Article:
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Modulation of aspirin-insensitive eicosanoid biosynthesis by 6-methylprednisolone in unstable angina

Circulation, 2003 Jan 7, Vol.107(1), pp.55-61 [Peer Reviewed Journal]

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  • Title:
    Modulation of aspirin-insensitive eicosanoid biosynthesis by 6-methylprednisolone in unstable angina
  • Author: Cipollone, F ; Ganci, A ; Greco, A ; Panara, Mr ; Pasquale, M ; Di Gregorio, D ; Porreca, E ; Mezzetti, A ; Cuccurullo, F ; Patrignani, P
  • Found In: Circulation, 2003 Jan 7, Vol.107(1), pp.55-61 [Peer Reviewed Journal]
  • Subjects: Medicine ; Anatomy & Physiology
  • Language: English
  • Description: BACKGROUND: The evidence that inflammation plays a pivotal role in the pathophysiology of acute coronary syndromes prompted us to investigate the effects of glucocorticoid treatment on leukotriene (LT) C4 and thromboxane (TX) A2 biosynthesis in unstable angina.METHODS AND RESULTS: Urinary LTE4 and 11-dehydro-TXB2 were significantly higher in 12 patients with unstable angina than in 12 patients with stable angina and 12 patients with nonischemic chest pain. Furthermore, we randomized the unstable angina patients to receive intravenous 6-methylprednisolone (6-MP; 1 mg/kg BID for 2 days) or matching placebo and collected 12 consecutive 6-hour urine samples before and during the infusions. LTE4 excretion showed a time-dependent decrease in the 6-MP group but did not decrease during placebo. Furthermore, during myocardial ischemia, LTE4 was significantly higher before 6-MP infusion than during steroid therapy. In contrast, 11-dehydro-TXB2 did not differ significantly during 6-MP versus placebo. Myocardial ischemia elicited by stress test in the stable angina patients was not accompanied by any change in LTE4 and 11-dehydro-TXB2, thus ruling out a role of ischemia per se in the induction of increased eicosanoid production.CONCLUSIONS: Increased production of vasoactive LT and TX may occur in unstable angina despite conventional antithrombotic and antianginal treatment. Glucocorticoids can suppress LTC4 biosynthesis in the short term and may provide an interesting tool to explore the pathophysiological significance of inflammatory cell activation in this setting.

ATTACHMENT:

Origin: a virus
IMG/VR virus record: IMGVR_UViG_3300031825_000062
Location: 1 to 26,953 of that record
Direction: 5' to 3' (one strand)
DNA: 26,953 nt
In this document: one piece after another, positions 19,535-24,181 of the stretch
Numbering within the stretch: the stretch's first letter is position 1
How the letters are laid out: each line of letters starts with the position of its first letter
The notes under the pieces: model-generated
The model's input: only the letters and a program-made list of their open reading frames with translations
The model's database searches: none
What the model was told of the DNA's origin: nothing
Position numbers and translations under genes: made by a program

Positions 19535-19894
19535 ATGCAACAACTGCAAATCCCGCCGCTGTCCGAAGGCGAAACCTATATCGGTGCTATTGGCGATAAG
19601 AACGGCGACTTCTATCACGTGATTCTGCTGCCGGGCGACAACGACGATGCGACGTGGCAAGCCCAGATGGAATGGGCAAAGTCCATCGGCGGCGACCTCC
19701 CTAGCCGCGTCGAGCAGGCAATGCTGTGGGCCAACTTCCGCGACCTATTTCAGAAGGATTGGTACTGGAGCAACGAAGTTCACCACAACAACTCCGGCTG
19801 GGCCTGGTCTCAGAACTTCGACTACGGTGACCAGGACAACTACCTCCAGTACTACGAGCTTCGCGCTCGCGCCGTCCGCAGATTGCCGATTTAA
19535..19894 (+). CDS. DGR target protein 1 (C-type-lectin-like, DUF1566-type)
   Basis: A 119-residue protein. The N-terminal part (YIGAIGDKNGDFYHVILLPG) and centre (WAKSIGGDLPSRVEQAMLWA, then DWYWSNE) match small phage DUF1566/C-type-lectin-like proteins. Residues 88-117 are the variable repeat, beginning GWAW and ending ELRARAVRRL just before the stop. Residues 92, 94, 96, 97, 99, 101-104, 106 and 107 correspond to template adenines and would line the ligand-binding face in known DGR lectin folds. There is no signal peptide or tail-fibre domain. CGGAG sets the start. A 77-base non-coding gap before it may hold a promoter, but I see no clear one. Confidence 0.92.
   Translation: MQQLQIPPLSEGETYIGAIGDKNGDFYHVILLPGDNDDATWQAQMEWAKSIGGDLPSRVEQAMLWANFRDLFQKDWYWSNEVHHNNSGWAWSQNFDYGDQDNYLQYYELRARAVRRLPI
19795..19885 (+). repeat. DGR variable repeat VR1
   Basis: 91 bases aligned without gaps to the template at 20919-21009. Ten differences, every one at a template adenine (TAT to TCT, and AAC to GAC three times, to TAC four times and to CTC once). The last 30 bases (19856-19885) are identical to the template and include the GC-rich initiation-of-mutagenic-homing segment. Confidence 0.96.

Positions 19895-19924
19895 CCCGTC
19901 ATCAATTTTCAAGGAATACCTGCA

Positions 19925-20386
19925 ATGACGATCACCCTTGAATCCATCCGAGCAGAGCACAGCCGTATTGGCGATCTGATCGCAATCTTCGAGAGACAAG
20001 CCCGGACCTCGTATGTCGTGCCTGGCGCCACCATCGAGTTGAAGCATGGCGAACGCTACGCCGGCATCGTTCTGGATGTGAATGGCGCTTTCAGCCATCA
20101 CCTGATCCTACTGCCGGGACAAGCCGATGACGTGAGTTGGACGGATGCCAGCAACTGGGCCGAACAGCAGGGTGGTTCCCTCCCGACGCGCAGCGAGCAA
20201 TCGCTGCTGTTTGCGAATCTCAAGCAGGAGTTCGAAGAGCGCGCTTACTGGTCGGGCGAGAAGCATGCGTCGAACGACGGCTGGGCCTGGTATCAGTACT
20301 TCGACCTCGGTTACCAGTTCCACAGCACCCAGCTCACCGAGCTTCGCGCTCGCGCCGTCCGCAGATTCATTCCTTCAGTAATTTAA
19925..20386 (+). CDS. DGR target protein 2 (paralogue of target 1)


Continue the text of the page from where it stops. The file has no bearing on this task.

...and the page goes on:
• Identifier: ISSN: 0009-7322 ; DOI: 10.1161/01.CIR.0000043260.82447.62

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